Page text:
Come Forth and Live

Come Forth and Live

Guest Preacher: Rev. Loren McGrail
Date: October 11, 2020

Text: John 17-44

Don’t ask what the world needs. Ask what makes you come alive,
and go do it because what the world needs
is people who have come alive.
Howard Thurman
Unbeing dead isn’t alive.
e.e. cummings

In our Gospel story about Lazarus, Jesus comes late to Mary and Martha’s home— four days late. Martha chastises him for not getting there sooner because he might have been able to do something to prevent their brother’s death. If only you…
I identify with this passage because we, who are activists working on a
just peace in Palestine, hear about tragedies after they had occurred. So,
there is always this sense of deep sadness that if we had done something more, signed more petitions, written more op- eds, attended more protests, we could have prevented this. If only we could have put more pressure on the US to stop its flow of military aid, to have been more successful with our boycotts, divested more, just done more, period. If only…
And because we care, like Jesus, we weep for our slain sisters and brothers, the children detained, tortured, or imprisoned, the families made homeless through home demolitions or impoverished because their trees were uprooted or burned. Like Jesus we weep.
When I was an Ecumenical Accompanier for the Ecumenical Accompaniment Program for Israel and Palestine (EAPPI) back in 2011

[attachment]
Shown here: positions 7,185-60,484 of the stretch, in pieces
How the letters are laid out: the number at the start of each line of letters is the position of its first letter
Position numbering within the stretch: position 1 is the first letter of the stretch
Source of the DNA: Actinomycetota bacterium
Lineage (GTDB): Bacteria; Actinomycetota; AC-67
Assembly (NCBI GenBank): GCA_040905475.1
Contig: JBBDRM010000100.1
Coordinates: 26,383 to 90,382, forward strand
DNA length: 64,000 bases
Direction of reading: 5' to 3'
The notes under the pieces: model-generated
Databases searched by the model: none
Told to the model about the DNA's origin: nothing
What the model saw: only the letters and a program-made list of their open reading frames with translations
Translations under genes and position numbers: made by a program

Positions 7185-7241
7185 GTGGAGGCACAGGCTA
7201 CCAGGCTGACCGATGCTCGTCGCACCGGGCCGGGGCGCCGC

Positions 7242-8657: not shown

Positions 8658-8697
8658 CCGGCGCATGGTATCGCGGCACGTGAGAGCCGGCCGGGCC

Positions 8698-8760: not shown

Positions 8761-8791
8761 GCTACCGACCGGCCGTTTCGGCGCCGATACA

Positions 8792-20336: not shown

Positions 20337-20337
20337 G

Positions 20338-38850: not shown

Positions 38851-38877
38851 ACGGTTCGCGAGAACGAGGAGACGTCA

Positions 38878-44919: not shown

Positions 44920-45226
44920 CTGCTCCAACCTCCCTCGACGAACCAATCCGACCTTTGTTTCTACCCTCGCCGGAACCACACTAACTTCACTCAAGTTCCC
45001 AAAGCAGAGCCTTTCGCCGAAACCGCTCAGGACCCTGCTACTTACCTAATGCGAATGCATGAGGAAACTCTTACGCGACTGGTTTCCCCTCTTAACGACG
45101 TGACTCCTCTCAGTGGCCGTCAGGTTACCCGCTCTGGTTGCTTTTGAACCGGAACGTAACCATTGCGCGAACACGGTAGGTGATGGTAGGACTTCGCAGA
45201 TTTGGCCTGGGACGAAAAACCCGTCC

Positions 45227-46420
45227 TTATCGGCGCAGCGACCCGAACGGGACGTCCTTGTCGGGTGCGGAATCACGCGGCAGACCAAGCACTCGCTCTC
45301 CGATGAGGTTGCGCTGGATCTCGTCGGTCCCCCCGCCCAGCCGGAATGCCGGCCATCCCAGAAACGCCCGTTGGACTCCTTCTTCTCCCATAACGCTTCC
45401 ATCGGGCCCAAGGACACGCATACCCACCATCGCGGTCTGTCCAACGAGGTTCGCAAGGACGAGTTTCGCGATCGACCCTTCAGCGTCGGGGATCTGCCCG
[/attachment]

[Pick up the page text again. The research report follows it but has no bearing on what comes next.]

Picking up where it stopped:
we would often arrive just after the olive trees had been destroyed, or a
few hours after a village had been terrorized by a night raid by Israeli
soldiers. We came after. And so, we often wondered what if we had been able to come before? Could we in our magic EAPPI vests have stopped the raid or saved the house? Our accompaniment came after the fact and we often wondered if this coming at this time was enough. We had buckets of tears for what we saw or witnessed, and we wrote voluminous reports for the UN but it never felt enough.
The story of Lazarus reminds us that there is more. Palestinians have often told me that that they identify with Lazarus, the entombed Lazarus. Once at the Sabeel Center for Liberation Theology at a Thursday Bible Study I heard Omar say, “I am Lazarus. I feel entombed by this occupation. I can’t move because of this very large stone.” According to Rev. Naim Ateek, the leader of that discussion, removing the stone is only the first step. The second step is to come out and risk being alive again and free. ‘Rise, Lazarus. Come
Forth.’ “It is not enough to roll away the stone if you don’t come out and
dare to live”, said Ateek.
For over five years in Palestine, I saw this part of the story enacted,
mostly on Fridays, when after prayers Palestinians marched in defiance
of their entombment, against the chains of the occupation— the illegal
wall, confiscation of land, prisoners, or more settlements. I saw youth as
young Ahed and her cousin Janna from Nabi Salah, stand up to the soldiers invading their homes and land in defiance. I saw farmers continue to plant their olive trees when the armed settlers came to burn or destroy them. And like you who might have watched the news of the latest violence in Gaza, I saw the youth run to the fence to plant their flag and run back trying not to get killed by a sniper’s bullet. Like David, I saw them sling rocks at heavily armed soldiers or tanks. I saw the Palestinians nonviolently resisting their entombment, their imprisonment.
Lazarus rises every day in Palestine because to exist there and not lose your hope or humanity is indeed a form of resistance. Jesus does not weep, dear ones, because his good friend died and now stinks. He weeps because he entered the country of death and despair which everyone believed in.
Even Martha, dear Martha, didn’t want him to remove the stone because